Musings with Quectel EC25-EUX LTE Module
...After couple months, I finally did.
But, I remembered the entire IMEI Allowlist shenanigans after it arrived to me. So I started to play with it carefully, considering that I might return it soon.
Then I decided to look at EXVIST's own website, and found out that they sell configurable USB carrier board enclosures for Quectel mini-PCIe cards as well:
You might ask “mini-PCIe and USB? What?” and that's a valid question. Here's a fun tidbit, mini-PCIe spec actually has pins for direct USB 2.0 connection which Quectel actually markets this as an option on their product brochures.
The carrier board utilizes this and the other “reserved” pins for SIM card itself, here's a pinout from SixFab, where they also use USB D+ and D- pins (emphasis mine):
I immediately jumped onto Amazon Turkey and yep, the bare carrier enclosure is available to buy:
In the meantime, I looked at local e-commerce marketplaces other than Amazon, and I found an EC25-EUX on Trendyol:
To be extra sure, I asked the seller if the IMEIs of the stock they have are registered and they said yes:
You can guess that I immediately bought the module.
I started the return procedure of the EG25-G dongle and sent it away. I got the EC25-EUX module next day and the carrier enclosure arrived a week later.
First two cons:
- The status LED is blue. It is very bright.
- It has mounting flaps on the sides. If you want to carry this as an extension to your travel connectivity pack, you need to carefully Dremel out the flaps.
Now, let's get to how the software stuff up to speed.
I need to applaud EXVIST, because unlike Quectel themselves, they actually provide open documentation to do things:
You can grab the drivers at https://docs.exvist.com/dongle/ts/drivers.
Looking at the tools page, you will see two tools:
- Quectel's QCOM: It is a bulk configuration GUI tool which utilizes AT commands.
- Quectel's QNavigator: It is a GUI tool to manage your module (also uses AT commands). It also contains QCOM as a separate window inside the app.
Both tools will document the AT commands issued.
There will be 4 interfaces coming up when you plug the module in (gonna be using Linux paths):
/dev/ttyUSB0: the “DM” interface, apparently its Qualcomm's QXDM.
/dev/ttyUSB1: the NMEA/GNSS interface, which we don't use (because this is GPS, as you might have noticed).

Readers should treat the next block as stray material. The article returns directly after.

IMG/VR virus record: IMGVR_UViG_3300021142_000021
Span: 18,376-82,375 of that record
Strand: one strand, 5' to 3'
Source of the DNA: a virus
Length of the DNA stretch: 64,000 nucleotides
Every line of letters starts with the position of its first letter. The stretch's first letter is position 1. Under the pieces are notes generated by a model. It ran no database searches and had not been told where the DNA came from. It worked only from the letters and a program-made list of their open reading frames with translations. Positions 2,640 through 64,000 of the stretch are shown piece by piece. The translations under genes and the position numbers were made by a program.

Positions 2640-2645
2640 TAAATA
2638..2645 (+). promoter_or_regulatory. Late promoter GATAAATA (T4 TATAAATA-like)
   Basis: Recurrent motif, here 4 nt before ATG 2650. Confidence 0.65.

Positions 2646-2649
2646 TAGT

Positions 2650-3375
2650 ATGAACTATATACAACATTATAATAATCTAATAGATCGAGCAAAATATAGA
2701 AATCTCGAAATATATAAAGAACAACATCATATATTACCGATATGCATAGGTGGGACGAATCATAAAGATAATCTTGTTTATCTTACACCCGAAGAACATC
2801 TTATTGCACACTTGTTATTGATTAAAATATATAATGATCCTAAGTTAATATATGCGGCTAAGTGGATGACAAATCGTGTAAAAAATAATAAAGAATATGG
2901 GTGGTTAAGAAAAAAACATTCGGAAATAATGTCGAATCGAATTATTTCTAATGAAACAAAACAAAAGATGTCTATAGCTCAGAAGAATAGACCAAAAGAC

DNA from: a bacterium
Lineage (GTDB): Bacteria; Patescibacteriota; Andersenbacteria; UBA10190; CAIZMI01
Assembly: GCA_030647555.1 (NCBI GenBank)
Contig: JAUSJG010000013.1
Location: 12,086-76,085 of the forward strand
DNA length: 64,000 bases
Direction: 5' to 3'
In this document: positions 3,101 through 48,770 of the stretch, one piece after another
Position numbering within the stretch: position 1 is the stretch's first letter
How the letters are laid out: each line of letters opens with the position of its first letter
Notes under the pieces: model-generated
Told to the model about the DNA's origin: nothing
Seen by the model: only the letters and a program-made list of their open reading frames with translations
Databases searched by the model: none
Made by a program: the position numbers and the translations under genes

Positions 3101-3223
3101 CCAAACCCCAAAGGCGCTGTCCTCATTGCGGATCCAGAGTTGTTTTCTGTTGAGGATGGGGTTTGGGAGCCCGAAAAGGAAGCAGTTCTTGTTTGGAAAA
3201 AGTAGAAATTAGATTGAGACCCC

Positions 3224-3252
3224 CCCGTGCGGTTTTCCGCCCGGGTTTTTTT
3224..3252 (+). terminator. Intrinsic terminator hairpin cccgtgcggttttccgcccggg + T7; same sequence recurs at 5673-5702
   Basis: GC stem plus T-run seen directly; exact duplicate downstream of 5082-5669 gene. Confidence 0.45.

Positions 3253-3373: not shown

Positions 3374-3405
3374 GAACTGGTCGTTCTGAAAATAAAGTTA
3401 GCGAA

/dev/ttyUSB2: the direct AT interface, you can manage your modem from this.
/dev/ttyUSB3: the AT modem interface, which Windows utilizes it as a network interface (It is the last COM port), so it is invisible. I assume Windows also does QMI from here, so you need to do the settings I mention below for proper Windows support as well.
/dev/cdc-wdm0: this is the direct QMI. It will use the (open-source)
qmi_wwanor the (proprietary)
To “”“properly”“” use your module on OpenWrt based systems (aka “using the
/dev/cdc-wdm0 interface”), you need to have some prerequisites, which SixFab helpfully provides it:
- Check if the modem is configured correctly by sending the
AT+QCFG="usbnet"command. It should return 0.
- If the command result shows a digit other than 0 at the end, set the option to 0 by sending the
- Wait for 10 seconds and reboot the module by sending the
If your system allows a protocol named “QCI” alongside “QMI”, you can use that for your Quectel module.
I'm still messing around with this, I hope I remember to update this post with further information (Written in 2023-09-27).
Looking at OpenWrt Docs, I have found out what each
usbnet settings mean:
AT+QCFG="usbnet" # check the current mode AT+QCFG="usbnet",0 # set QMI or RMNET mode AT+QCFG="usbnet",1 # set ECM mode AT+QCFG="usbnet",2 # set MBIM mode AT+QCFG="usbnet",3 # set RNDIS mode
It is weird that Quectel doesn't mention any of this in their own AT documentation. Apparently they do, its just in a separate file. To make things extra spicy, my modem had this set to I have updated the list above.
3, which I don't know what that means.
I've been trying to get the module work on macOS, but it seems like I won't be able to without modifying Apple's own support kexts.
To make sure the module actually gets loaded requires me to use AppleWWANSupport or AppleWWANSupport1 driver kexts, but they have their own vendor ID list, which needs to include Quectel's vendor ID. And they obviously don't.
I've been testing the module with my GL.iNet Slate AX for more than a month at this point and with the
usbnet mode set to
0 (QMI/RMNET) the modem is pretty much plug and play:
Copyright 2018-2023, linuxgemini (İlteriş Yağıztegin Eroğlu). Any and all opinions listed here are my own and not representative of my employers; future, past and present.